And political change needs some form of dialogue between opponents, and you need a common forum, in which everyone agrees to participate, to make the victory of the majority legitimate.
Unfortunately we are all embubbled (great word that) by social media algorithms that ensure that the only people who see what we share are the people who already agree with us. Public waves of anger no longer change anything because on social media no one outside the group of angry folk is even aware of the issue.
While we, members of the public, live in ever more gated intellectual communities, Facebook and Google continue to monitor and collect data about us in order to make money and provide us of more of the same – reasons to be angry. At the same time – ineffective.
So maybe to maintain the illusion of control politicians no longer need to find dragons to slay abroad so much as manipulate the Facebook crowd with the largest number of adherents are by provide an echo chamber of that group’s prejudices. Someone has called Trump a “chatbot” of the angry working class. They say “I’m angry” and Trump says “I’m angry too” and Trump gets the vote. The feedback mechanism of Facebook makes us ever more angry and emotional and thereby impotent.
In a recent newspaper interview Curtis blamed engineers behind Facebook and Twitter for creating a stable system that was difficult to get out of. Engineers don’t create revolutionary tools for the people because that’s not how engineers think: engineers think in terms of stable equilibria and negative feedback. They are naturally in favour of the status quo. And so rather than cyberspace being liberating, the engineers have created a benign prison for us. I am quoting the gist of Curtis.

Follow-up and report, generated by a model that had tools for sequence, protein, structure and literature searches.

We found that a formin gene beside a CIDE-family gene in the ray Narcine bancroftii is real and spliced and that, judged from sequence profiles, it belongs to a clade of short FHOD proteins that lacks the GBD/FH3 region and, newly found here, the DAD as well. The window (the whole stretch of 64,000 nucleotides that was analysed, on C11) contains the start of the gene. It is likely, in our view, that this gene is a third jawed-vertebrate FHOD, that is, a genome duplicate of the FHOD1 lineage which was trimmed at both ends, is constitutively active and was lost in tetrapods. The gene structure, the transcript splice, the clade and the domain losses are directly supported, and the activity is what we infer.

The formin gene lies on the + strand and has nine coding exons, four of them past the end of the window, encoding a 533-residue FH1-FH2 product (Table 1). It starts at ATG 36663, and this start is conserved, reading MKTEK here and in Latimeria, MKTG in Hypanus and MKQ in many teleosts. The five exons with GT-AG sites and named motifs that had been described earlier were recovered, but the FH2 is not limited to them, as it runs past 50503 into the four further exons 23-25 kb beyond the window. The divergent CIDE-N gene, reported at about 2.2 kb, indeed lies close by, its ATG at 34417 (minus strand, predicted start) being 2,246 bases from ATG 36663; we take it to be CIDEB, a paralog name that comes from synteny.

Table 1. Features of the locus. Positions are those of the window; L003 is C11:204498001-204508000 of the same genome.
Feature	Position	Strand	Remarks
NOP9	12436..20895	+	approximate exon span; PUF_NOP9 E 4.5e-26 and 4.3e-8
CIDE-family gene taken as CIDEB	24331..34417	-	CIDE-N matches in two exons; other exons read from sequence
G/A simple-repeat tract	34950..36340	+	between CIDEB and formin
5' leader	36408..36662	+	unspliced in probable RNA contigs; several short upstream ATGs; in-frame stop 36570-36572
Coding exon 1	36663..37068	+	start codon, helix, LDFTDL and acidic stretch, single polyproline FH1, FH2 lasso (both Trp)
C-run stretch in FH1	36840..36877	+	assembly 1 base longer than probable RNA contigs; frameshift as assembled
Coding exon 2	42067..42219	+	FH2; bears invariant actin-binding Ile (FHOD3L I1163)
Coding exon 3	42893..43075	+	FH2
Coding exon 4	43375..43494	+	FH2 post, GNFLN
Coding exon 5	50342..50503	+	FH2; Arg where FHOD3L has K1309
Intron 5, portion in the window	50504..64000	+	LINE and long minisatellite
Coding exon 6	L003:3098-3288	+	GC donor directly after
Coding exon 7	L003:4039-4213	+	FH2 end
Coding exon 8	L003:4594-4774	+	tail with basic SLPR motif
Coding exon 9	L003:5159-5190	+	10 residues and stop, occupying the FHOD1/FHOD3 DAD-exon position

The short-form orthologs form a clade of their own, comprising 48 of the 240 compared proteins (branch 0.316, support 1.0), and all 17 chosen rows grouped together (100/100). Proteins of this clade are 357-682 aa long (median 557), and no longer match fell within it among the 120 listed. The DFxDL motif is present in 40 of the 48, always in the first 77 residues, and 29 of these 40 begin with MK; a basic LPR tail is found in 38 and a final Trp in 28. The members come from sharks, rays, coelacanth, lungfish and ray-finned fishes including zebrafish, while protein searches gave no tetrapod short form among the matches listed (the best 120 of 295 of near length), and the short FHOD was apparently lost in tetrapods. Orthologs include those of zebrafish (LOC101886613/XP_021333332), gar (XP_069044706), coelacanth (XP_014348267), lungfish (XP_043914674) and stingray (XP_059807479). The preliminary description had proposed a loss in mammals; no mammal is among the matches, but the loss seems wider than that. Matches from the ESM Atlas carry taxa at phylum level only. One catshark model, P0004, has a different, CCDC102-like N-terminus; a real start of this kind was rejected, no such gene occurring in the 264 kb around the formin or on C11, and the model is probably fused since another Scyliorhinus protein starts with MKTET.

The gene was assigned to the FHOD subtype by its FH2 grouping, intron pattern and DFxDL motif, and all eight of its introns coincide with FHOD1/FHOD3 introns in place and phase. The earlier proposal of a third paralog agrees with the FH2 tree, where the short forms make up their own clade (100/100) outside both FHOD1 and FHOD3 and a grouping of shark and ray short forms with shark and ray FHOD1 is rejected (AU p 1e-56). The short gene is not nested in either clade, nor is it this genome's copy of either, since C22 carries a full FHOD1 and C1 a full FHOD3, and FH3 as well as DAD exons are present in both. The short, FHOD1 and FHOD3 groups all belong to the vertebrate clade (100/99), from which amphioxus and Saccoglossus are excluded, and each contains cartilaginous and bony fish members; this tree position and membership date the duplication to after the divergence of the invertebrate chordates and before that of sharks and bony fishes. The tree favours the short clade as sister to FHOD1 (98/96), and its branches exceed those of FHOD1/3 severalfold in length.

One might argue that Brexit shows that the people can get their will through and change things. Another view is that the referendum was like a Facebook-type vote which required no commitment from voters, and now a lot of other serious people are required to clear up the mess. Thirty years of disengagement and disenfranchisement leaves the public with no sense of proportion or moderation. In the Brexit referendum, they were given a nuclear button labelled “I am angry” and pressed it.
Plea to Theresa May and Jeremy Corbyn: a serious election campaign with serious ideas, perhaps including a discourse on the effects of technology on the failures of our democracy.
HyperNormalisation is available on iPlayer and YouTube.